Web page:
First things first: It’s pronounced “Chin-eh-kay.” In the Igbo language, it refers to a creator god, but it’s also used as an exclamation meaning “wonderful.” And the exclamation mark is important, it turns out. It might have been silent when artistic director Chi-chi Nwanoku said Chineke! Orchestra’s name aloud when she greeted the audience, but that exclamation mark resounded in every note and gesture that the orchestra played from the stage of Jordan Hall Wednesday evening.
The orchestra, established in 2015, was in Boston as a stop on its first-ever North American tour. Nwanoku, a double bassist with an impressive resume of British orchestral positions, founded the Chineke! Foundation and its namesake orchestra with the worthy mission of providing career opportunities for Black and other “ethnically diverse” musicians in Europe. To name a few accomplishments, the orchestra has played multiple BBC Proms concerts and was featured in the first post-renovations concert at the Southbank Center’s Queen Elizabeth Hall. The Chineke! umbrella organization has also grown to include a junior orchestra, a vocal ensemble, and a record label in association with Decca.
But Nwanoku was beaming with enthusiasm to be playing at Jordan, in an appearance presented by Celebrity Series of Boston. Addressing the audience from her position at the front of the double bass section, she described the “spine-tingling” feeling she experienced while walking up the same steps that Florence Price would have ascended during her time as a student at New England Conservatory more than a century ago. Throughout the evening, the 62-member orchestra played with superb musicianship and a sense of unbridled, authentic joy which I’ve found only shines through when everyone on stage is both excited to be there and has a personal commitment to creating something amazing.
For a local comparison, I’ve seen this from the conductorless A Far Cry, and I’ve also seen it from the Handel and Haydn Society when the concert is led by musicians. Chineke! did play with a conductor, the energetic and precise Andrew Grams, but perhaps this vibrance also has something to do with operating under less of a top-down hierarchy than is typical in the classical music world, where artistic leadership and conducting often go hand in hand. The excitement was contagious. Jordan Hall was maybe only a little over half full, but I’ve heard less noise from a sold-out house.
In addition to creating career opportunities for historically underrepresented musicians, Chineke! also champions music of Black and other underrepresented composers. Wednesday’s Jordan Hall concert featured three Black composers, two of the past and one of the present; Price, the late Romantic composer Samuel Coleridge-Taylor, and Canadian composer-pianist Stewart Goodyear, who played the solo in his own piece “Callaloo: A Caribbean Suite.”
Coleridge-Taylor’s “Othello” suite opened the concert with a blast of energy. Within moments, two little girls in the balcony were out of their seats, dancing along to the fittingly titled “Children’s Intermezzo.” One of them waved her arms along with Gabriel Dias’s sinuous trumpet solo in the “Willow Song.”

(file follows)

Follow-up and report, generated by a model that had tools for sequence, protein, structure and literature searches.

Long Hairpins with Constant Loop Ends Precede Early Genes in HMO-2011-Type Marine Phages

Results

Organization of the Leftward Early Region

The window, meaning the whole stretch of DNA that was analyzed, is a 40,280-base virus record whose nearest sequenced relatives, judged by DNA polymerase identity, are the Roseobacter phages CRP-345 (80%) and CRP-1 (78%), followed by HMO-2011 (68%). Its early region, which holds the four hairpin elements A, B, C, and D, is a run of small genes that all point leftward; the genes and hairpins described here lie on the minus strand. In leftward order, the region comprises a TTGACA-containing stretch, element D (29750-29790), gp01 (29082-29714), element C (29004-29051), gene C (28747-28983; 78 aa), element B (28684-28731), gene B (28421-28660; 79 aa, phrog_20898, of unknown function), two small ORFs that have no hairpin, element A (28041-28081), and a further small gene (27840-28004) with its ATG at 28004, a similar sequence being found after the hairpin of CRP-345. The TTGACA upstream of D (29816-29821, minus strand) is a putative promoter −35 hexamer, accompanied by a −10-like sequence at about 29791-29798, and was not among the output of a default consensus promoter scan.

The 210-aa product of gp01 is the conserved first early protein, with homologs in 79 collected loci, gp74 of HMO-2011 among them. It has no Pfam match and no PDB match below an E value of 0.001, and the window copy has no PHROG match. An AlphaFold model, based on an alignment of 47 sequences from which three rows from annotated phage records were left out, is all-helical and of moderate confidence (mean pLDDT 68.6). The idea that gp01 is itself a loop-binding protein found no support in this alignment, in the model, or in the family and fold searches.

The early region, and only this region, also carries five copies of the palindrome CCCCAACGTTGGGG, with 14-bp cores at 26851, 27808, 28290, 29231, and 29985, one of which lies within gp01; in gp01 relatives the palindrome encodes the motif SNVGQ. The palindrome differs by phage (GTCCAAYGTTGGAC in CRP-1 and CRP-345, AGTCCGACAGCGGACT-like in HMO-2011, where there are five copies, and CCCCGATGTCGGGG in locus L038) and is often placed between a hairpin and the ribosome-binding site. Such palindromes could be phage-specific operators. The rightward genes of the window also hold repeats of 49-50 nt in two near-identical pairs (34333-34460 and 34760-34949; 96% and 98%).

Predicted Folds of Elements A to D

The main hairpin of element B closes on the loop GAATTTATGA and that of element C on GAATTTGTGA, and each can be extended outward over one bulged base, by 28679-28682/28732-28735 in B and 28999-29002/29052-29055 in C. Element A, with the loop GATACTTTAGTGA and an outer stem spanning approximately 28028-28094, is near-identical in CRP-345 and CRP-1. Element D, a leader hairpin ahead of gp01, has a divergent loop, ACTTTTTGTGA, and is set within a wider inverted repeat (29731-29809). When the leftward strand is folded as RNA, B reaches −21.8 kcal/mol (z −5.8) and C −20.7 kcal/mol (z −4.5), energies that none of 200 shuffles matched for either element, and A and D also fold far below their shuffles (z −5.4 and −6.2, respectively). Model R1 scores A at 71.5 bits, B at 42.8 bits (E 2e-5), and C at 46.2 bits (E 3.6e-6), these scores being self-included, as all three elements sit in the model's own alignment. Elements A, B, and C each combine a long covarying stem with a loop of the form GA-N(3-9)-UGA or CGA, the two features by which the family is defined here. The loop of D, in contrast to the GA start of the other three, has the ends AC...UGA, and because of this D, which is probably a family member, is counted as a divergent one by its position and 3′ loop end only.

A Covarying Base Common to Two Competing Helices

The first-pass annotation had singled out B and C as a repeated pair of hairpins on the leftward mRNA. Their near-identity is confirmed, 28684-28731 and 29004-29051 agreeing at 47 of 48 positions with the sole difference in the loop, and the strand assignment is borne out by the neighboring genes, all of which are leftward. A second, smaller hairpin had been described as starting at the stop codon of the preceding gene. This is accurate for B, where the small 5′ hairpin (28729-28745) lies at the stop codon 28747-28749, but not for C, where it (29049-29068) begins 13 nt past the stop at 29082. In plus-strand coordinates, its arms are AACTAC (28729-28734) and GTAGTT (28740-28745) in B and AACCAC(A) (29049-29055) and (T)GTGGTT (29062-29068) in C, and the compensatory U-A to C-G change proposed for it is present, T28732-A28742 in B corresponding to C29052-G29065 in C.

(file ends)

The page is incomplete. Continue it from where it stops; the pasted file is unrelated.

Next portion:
Even the word “callaloo” — a popular Caribbean dish with many regional variants — sounds joyful, and joyful it was. A musical outpouring of love for Caribbean musical traditions inspired by time the composer spent in his mother’s native Trinidad, the first fast movement of “Callaloo” was driving but unrushed, as if the composer encouraged the audience to savor the moment. Relaxed calypso rhythms alternated with flights of Lisztian virtuosity in the second movement before the sunset-hued “Afterglow” allowed the soloist to take a breather. The cadenza and finale plunged right into carnival madness. Chords in the piano’s high range flashed like sequins. The three-person percussion section went to town on a wild drumming feature near the end and made it seem criminal to be sitting down.
Despite being the first work by a Black woman to be played by a major orchestra, Florence Price’s 1932 Symphony No. 1 may have been all but forgotten had it not been for the recent upswell of interest in her life and work, which has led to more large ensembles spending the time and resources necessary to perform and record her music. This symphony may not be a staple of the repertoire yet, but Chineke! played it like it was. It sounded truly alive: no longer a treasure from the vaults in need of a dusting off, but a living, evolving entity. The pentatonic melody of the first movement seemed to breathe, here accelerating to a peak and there slowing down as the full orchestration flowered. The sylvan Largo movement featured several enchanting woodwind solos. I’d happily hear them play it again, but really, I’d hear them play anything. Next time they cross the pond, they deserve nothing less than a full house.
At NEC’s Jordan Hall, March 22. www.celebrityseries.org